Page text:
6 80/20 RULE “ ” Decisions Will THE TRIVIAL MANY Take Up 80% Of Your Time And Yield 20% Of The Results THE VITAL FEW ” Decisions Will Take Up “ 20% Of Your Time And Yield 80% Of The Results TIME EFFICIENCY TRAPS! • Opinion Trap! • Information Trap! • Committee Trap! • Policy Trap! DON ’ T GET TRAPPED IN YOUR BOARD MEETING! BOARD CONFLICT • Conflict is a normal part of team decision making • Dissent may be a sign that the board has drifted off course and must be brought back. • Disagreements have the potential to add information and perspective • Too much conflict can cripple board effectiveness 6

7 CAUSES OF CONFLICT • INFORMATION OR INTERPRETATION LACK OF INFORMATION • VALUES • • PROCESS PEOPLE • PERSONALITIES • • ACTIONS DEALING WITH CONFLICT IN DECISION MAKING • Distinguish between “ healthy dissent ” and “ ” crippling conflict • Start with an assumption of a common goal • Discuss broader issues • Identify areas of agreement • Clarify points of view • Consider the evidence of BOTH or ALL sides before committing yourself to a position. IMPROVING BOARD DECISIONS 7

8 TOOLS FOR BETTER DECISIONS - Con Chart Pro • • Matrix Assessment • Outside Consultant - CON CHART PRO • Ensures that all advantages and disadvantages are discussed • Encourages the board to consider both sides before committing themselves • Board works as collaborators summarizing information rather than competitive debaters. Example Pro - Con Chart RENOVATE THE OLD ELEVATOR INSTEAD OF BUILDING A NEW STEEL TANK CONS PROS Shorter time to Higher per/bushel costs completion Retain segregation Slower throughput speed potential Easier to monitor grain condition 8

9 MATRIX ASSESSMENT • Separates complex decisions into components • - offs Clarifies the trade MATRIX ASSESSMENT Build Rent Renovate Elevator New Tank seasonal COST - - ++ TIME - + -- LONG RUN + ++ - EFFICIENCY THIS IS YOUR PERSONAL ASSESSMENT OF THE DIFFERENT ASPECTS OF A SITUATION. WORKING WITH OUTSIDE CONSULTANTS • Consultants often identify options not previously considered. • The board still holds the responsibility for the final decision. • Consultants are a tool for better decisions not easier decisions. 9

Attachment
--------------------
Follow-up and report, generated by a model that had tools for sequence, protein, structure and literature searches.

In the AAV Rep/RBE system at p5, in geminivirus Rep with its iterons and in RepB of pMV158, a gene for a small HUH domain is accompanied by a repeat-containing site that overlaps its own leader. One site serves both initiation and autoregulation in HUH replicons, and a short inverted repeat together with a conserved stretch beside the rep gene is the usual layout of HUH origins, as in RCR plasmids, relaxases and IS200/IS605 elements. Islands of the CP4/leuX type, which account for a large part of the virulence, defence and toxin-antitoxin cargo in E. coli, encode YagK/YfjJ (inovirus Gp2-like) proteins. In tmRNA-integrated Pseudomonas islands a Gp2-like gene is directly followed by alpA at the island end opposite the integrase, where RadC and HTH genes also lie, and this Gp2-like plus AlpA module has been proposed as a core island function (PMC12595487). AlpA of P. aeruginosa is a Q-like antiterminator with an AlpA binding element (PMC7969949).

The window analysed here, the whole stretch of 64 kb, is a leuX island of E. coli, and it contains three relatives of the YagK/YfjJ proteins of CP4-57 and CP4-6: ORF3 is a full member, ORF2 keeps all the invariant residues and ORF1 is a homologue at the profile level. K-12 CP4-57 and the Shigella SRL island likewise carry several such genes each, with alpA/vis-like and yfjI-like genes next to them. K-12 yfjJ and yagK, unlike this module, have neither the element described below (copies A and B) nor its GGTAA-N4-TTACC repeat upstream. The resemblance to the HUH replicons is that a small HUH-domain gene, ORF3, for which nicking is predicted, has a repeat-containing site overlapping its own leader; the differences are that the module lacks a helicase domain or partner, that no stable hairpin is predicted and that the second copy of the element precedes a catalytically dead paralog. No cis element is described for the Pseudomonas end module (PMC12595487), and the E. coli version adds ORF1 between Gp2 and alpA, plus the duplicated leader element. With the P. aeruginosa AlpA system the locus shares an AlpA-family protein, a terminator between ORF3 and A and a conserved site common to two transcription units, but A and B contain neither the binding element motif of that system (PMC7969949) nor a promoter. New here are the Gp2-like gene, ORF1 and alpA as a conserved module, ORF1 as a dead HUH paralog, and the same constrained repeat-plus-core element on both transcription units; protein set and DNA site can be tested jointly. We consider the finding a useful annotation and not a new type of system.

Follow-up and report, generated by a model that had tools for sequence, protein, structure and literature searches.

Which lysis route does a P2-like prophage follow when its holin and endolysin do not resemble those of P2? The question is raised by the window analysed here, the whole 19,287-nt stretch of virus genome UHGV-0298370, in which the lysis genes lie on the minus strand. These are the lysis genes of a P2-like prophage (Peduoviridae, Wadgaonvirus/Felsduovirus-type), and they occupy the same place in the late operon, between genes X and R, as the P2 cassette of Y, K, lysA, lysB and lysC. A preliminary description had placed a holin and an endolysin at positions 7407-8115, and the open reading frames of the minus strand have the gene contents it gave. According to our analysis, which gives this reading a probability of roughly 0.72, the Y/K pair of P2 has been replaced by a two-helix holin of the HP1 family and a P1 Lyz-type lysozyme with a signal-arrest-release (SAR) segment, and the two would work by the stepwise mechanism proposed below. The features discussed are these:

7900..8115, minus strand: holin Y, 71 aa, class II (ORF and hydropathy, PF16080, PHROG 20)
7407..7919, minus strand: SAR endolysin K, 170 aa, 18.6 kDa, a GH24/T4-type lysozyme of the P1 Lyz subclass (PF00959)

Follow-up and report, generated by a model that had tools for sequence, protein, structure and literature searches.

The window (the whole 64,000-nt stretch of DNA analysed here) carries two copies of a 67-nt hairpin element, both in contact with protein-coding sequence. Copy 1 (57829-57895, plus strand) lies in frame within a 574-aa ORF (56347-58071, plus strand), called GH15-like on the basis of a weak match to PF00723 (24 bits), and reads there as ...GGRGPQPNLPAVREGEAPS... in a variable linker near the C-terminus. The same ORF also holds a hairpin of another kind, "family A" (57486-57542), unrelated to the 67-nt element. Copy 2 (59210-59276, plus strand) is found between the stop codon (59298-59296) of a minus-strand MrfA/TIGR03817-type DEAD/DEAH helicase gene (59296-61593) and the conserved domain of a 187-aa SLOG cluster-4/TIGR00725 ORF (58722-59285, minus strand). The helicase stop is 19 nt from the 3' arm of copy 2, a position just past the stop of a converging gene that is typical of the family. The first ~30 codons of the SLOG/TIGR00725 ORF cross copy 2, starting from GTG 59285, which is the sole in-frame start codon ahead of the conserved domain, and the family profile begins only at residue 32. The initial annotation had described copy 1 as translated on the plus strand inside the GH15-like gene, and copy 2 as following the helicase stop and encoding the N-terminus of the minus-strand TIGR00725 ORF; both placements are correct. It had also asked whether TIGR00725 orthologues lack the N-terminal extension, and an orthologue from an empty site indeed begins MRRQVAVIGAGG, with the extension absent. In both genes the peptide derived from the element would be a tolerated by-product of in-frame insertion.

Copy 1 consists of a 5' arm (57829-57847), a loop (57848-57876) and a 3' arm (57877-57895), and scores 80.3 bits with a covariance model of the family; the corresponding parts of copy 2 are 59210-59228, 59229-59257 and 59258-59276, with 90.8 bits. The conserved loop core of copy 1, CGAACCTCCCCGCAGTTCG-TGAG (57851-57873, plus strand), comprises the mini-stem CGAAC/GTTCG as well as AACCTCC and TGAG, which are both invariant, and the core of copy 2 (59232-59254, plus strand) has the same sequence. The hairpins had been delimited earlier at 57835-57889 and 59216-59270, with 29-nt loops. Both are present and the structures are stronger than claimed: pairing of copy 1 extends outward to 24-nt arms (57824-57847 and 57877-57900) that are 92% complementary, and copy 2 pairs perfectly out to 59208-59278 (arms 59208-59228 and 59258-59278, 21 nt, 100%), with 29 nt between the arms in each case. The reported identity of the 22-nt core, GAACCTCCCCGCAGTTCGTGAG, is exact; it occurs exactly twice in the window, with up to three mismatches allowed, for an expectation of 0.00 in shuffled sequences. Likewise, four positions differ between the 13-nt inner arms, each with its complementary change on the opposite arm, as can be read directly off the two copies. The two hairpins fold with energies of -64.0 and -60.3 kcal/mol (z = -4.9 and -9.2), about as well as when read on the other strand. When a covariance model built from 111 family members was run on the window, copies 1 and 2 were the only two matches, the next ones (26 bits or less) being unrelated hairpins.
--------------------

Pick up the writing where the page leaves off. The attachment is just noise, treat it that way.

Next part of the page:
10 Use of Consultants Today in Oklahoma Cooperatives Written Reports Submitted to the Board 7% 10% Board Sub-Committee Manger or Staff Outside Consult. 45% 38% No Written Reports Used WHEN TO BRING IN A CONSULTANT • WHEN the problem falls outside the company ’ s technology, experience and activity • WHEN the problem calls for impartiality and objectivity • WHEN the board needs information that is not readily available to them • WHEN a problem persists which management has tried to resolve and failed CRITERIA FOR SELECTING CONSULTANTS • Expertise • Training • Background • Style fits your culture • References Check with former clients • 10

11 WORKING WITH THE CONSULTANT Define The Goals • Define The Scope Of The Project • • Specify The On - site Work Specify Follow • up - • Specify Costs • Specify Deliverables • Provide A Contact Person • Provide Detailed Information • Provide Support Staff AFTER THE CONSULTANT LEAVES • Discuss the consultant ’ s recommendation • Discuss any new options or information uncovered by the consultant • Determine whether to implement the recommendation • If the recommendation is to be accepted, the sooner the better A STRONG BOARD AND A STRONG MANGAER: A WINNING TEAM! 11